Solar Photovoltaic Installer

Solar photovoltaic installers, also known as solar installers, make approximately $67,007 per year. They work to assemble, install, repair, and maintain solar panels and systems. They must be able to climb on roofs or other structures where solar panels are located to troubleshoot or repair systems so that they work according to established green energy standards.

Aircraft Mechanic

Mechanic work is a popular option among blue-collar workers, and working as an aircraft mechanic is no exception. With an average yearly salary of $75,256, aircraft mechanics primarily work to inspect and repair aircraft structural and operating systems so that aircraft can function safely. 

Additionally, aircraft mechanics schedule and perform regular maintenance checkups, keep teams notified about a plane’s conditions, source aircraft parts, prepare diagnostics reports, and work to improve efficiency with repairs and regular maintenance.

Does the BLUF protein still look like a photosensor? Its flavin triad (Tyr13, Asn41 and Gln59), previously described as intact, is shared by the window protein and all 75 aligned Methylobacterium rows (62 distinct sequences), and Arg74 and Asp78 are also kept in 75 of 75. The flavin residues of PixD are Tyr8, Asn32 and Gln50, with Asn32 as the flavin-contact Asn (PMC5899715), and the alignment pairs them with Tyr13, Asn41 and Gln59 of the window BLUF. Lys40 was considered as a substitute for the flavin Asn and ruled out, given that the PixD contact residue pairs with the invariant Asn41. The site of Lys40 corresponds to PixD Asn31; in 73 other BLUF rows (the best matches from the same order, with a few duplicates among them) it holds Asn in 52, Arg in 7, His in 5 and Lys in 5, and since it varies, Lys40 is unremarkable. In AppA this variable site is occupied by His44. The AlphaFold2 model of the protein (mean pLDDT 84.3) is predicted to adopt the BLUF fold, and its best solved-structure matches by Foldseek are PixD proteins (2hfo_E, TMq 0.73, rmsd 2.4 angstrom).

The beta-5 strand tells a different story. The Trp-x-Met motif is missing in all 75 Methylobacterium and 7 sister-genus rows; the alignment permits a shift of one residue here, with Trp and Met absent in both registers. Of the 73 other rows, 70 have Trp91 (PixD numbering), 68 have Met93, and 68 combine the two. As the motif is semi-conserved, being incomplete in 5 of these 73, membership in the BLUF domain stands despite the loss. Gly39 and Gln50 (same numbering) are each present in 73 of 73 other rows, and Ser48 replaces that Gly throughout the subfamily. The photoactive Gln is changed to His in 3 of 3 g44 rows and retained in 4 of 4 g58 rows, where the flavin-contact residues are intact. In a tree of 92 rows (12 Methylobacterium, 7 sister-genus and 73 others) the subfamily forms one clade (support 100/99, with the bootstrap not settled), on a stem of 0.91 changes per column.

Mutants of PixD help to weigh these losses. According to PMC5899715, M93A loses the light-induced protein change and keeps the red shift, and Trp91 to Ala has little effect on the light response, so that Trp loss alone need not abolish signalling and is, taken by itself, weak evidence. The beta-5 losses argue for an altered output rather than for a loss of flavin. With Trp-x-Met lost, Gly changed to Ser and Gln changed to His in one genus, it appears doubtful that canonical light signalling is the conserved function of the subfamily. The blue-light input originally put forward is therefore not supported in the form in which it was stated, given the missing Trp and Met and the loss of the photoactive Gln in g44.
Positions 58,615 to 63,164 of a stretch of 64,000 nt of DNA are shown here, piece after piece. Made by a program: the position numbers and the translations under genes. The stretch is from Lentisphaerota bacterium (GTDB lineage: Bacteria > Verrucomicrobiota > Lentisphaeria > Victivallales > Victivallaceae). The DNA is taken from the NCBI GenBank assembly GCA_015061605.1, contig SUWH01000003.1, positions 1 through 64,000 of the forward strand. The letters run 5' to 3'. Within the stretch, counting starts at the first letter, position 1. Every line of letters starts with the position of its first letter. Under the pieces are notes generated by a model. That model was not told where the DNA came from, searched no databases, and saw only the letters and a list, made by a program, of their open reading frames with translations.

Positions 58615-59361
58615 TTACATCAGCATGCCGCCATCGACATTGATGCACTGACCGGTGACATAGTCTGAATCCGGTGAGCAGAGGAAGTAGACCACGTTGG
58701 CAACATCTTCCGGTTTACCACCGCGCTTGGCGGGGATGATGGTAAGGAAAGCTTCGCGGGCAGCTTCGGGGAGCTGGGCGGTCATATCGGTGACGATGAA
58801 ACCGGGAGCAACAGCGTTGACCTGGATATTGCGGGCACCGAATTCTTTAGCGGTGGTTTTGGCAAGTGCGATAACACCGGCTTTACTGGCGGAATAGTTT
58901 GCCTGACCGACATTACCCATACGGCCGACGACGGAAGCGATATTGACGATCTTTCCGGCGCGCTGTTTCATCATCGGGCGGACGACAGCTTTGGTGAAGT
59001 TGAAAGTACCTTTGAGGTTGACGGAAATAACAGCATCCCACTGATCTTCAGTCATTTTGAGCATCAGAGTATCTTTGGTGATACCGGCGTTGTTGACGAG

Key Takeaways

Blue-collar careers can be an excellent choice if you’re looking for work. Many of these job types don’t require higher education, so individuals won’t have to worry about spending four years in college and taking out excessive loans to cover the cost of their education.

Additionally, there are several different job types within the blue-collar community, so you don’t need to worry about potentially needing to commit to a career that you won’t like long-term. 

If you want to learn more about blue-collar careers or the insurance options that would be best for each one, reach out to our skilled agents today.